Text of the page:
The most famous example of a caste system is the Hindu caste system of ancient India, with Nepal, Pakistan and Sri Lanka having similarly structured systems. Nepalese castes are directly derived from the Hindu castes found in India, but the Pakistani social structure is not widely recognized as castes, despite carrying similarities. The Sri Lankan caste system was inspired by the Varnas and Jaati systems of India but carried its own strata and ended with the end of the monarchy.
Caste systems have existed throughout Africa, Europe and Asia for thousands of years. Korea, Indonesia, China, Japan and Mongolia all had caste systems of their own at different levels of stratification.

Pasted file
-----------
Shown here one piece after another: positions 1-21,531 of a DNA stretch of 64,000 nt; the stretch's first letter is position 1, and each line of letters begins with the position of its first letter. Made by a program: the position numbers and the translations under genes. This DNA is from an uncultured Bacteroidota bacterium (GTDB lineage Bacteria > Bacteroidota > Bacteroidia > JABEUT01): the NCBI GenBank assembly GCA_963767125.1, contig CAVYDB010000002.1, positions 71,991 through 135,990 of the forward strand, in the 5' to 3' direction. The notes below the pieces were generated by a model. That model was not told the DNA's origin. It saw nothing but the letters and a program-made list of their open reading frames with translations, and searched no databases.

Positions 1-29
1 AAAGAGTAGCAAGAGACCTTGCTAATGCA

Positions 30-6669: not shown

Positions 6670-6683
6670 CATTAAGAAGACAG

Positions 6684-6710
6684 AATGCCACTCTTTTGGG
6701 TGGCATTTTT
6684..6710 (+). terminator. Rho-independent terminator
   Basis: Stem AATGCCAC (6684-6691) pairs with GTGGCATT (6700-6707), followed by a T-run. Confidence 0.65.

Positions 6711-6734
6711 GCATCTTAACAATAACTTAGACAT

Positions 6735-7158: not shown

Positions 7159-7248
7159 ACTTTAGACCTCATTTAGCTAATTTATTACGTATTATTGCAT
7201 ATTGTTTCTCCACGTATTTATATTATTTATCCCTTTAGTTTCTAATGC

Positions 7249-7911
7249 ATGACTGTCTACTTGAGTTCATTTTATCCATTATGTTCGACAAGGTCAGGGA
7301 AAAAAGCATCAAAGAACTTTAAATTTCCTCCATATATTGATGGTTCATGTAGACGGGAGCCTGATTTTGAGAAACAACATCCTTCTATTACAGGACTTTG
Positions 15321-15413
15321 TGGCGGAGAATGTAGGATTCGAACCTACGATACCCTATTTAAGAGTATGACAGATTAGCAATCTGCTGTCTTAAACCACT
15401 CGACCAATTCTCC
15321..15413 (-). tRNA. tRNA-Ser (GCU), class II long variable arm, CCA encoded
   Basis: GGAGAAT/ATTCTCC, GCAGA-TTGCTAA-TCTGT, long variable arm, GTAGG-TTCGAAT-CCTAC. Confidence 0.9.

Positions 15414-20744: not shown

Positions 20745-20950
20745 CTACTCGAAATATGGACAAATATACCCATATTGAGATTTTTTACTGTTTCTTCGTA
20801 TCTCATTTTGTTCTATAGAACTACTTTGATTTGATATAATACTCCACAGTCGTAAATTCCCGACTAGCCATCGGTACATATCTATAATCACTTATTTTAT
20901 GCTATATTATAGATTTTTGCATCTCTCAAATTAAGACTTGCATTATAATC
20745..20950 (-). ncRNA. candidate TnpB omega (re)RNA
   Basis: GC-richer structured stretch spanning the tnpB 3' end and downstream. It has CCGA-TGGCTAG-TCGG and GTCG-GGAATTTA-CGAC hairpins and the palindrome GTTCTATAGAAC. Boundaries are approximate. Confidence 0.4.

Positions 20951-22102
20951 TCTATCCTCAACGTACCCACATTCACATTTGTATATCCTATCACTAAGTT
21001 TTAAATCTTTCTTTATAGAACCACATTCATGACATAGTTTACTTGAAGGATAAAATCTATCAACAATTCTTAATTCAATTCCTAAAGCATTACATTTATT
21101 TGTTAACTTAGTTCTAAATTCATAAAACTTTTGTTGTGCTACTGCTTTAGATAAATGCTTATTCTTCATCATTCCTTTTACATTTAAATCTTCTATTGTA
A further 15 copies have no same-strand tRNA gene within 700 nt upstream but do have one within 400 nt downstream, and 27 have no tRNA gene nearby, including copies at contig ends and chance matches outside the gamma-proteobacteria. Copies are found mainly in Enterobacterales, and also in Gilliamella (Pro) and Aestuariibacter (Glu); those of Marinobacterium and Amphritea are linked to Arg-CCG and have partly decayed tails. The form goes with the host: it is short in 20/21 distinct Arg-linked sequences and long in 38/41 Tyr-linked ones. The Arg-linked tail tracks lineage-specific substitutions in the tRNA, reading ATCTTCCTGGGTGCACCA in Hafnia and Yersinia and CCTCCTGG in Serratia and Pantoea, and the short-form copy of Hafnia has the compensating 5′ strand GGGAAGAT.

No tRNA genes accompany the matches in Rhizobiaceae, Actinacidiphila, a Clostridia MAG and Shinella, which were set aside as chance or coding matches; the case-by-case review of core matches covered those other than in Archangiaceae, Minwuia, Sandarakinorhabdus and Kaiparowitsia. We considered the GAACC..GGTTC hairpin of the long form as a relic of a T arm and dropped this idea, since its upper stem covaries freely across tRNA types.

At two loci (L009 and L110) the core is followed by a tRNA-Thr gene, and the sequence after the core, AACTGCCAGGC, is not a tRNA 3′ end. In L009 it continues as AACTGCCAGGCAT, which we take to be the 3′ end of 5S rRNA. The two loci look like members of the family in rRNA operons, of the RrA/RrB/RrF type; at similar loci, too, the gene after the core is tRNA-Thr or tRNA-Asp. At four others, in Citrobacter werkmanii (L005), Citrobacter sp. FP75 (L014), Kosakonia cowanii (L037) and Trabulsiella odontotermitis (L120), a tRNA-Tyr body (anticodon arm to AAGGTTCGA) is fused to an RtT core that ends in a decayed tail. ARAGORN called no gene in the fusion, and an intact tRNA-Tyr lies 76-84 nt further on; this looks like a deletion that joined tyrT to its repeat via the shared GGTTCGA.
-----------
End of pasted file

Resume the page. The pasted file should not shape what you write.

Indian castes are the most famous in the modern age because they are the most evident to the world, even in current social and political climates. Although a reformation of the caste system occurred during the Indian grab for independence, the caste system was then cannibalized by the current democracy and can be seen in the legal and social difficulties that people of certain castes still experience.
Many other caste systems have since been abolished but can still be seen in North Korea and all throughout Africa. African caste systems, like most, were separated by the role individuals played in their society. A bard fell within their own caste in the Mali empire, for instance, and that bard's children would then be in the same caste.